Microsoft Pushes Windows 10 as a “Recommended” Update for Windows 7 and 8.1 Users
Just when we thought Microsoft has started getting a sanity potion for its Windows 10 OS, here we are again with the “similar” news of last year. After a month’s hiatus of Microsoft introducing any new aggressive tactics to its Windows 10 upgrade policy, a new blog post reveals today that Microsoft has stepped up again to further push Windows 7 and Windows 8.1 users to upgrade to Windows 10.
Windows 10 becomes a recommended update – not yet required:
In its attempts to make it harder for users of Windows 7 and Windows 8.1 to avoid installing Windows 10, the latest attempt coming from Redmond is making Windows 10 a recommended update, instead of an optional one. While it’s yet to hit the “mandatory” status, the move is another step towards getting to that goal of 1 billion users by 2017. We shared with you earlier today that the latest operating system is going stronger than ever, replacing Windows XP as the second most-used OS in the world.
Currently running on over 200 million devices worldwide, Microsoft becomes more aggressive with its free upgrade strategy which is due to expire in July this year. Still 6 months to go, the company has to make sure to get as many users by then as possible since persuading users to buy the new OS would be even harder for Microsoft. Earlier today, Microsoft’s spokesperson said,
As we shared in late October on the Windows Blog, we are committed to making it easy for our Windows 7 and Windows 8.1 customers to upgrade to Windows 10. We updated the upgrade experience today to help our customers, who previously reserved their upgrade, schedule a time for their upgrade to take place.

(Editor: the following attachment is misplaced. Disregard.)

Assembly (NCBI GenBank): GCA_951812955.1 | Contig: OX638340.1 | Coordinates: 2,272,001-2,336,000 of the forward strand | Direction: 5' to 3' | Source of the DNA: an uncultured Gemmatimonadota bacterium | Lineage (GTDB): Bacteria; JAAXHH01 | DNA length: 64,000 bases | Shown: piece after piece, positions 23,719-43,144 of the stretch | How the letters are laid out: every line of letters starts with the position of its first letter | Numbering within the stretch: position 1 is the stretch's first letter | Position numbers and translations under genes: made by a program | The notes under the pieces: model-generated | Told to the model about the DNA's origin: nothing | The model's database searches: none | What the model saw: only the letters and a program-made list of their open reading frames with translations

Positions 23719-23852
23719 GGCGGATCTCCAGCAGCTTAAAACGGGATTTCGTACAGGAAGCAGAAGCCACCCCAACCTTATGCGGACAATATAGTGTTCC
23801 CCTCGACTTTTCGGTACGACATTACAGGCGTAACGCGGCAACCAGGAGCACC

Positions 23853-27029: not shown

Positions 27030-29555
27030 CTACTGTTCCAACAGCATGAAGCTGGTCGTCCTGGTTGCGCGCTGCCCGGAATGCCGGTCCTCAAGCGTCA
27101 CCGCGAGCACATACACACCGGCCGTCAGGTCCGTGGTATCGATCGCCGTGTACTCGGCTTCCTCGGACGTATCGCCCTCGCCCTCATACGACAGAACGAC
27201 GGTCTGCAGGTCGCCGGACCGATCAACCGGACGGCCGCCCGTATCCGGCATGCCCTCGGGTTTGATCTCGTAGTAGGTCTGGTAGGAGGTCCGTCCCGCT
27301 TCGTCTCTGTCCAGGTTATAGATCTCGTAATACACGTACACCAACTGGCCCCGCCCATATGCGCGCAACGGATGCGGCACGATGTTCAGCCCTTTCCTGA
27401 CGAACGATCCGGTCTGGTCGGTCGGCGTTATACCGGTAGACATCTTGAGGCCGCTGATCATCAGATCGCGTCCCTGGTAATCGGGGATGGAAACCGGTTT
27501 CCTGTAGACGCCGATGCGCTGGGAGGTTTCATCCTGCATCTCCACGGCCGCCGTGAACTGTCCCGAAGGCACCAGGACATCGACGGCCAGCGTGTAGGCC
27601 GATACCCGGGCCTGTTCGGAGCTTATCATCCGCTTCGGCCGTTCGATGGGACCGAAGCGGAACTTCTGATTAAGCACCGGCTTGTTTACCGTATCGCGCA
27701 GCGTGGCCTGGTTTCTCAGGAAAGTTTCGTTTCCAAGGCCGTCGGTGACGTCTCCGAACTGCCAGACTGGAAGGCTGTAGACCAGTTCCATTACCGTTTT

While Microsoft says it’s making it easy for Windows 7 and Windows 8.1 users to upgrade to Windows 10, what it actually is doing is making it difficult to avoid the upgrade for those users not yet happy with the new OS. According to ZDNet, the recommended push will be a “phased one” for those who are using Windows 7 and Windows 8.1 consumers and have enabled Automatic Updates. Users having turned on “Give me recommended updates the same way I receive important updates” will have the update process started for them.
Previously, Microsoft’s Windows 10 free upgrade policy was hit by a lot of complaints when reports revealed that the company was downloading bits of Windows 10 without users’ permission. While the new operating system wasn’t completely installed unless users gave the permission, many took this proactive attempt a little too aggressive. Microsoft apparently has continued to do so even after the complaints.
It’s still not a required update and would need your explicit permission, however, it will become a tad more difficult to avoid it. For those of you interested in the new operating system and are using a Windows 7 or Windows 8.1 device, you can get it for free until July 29.
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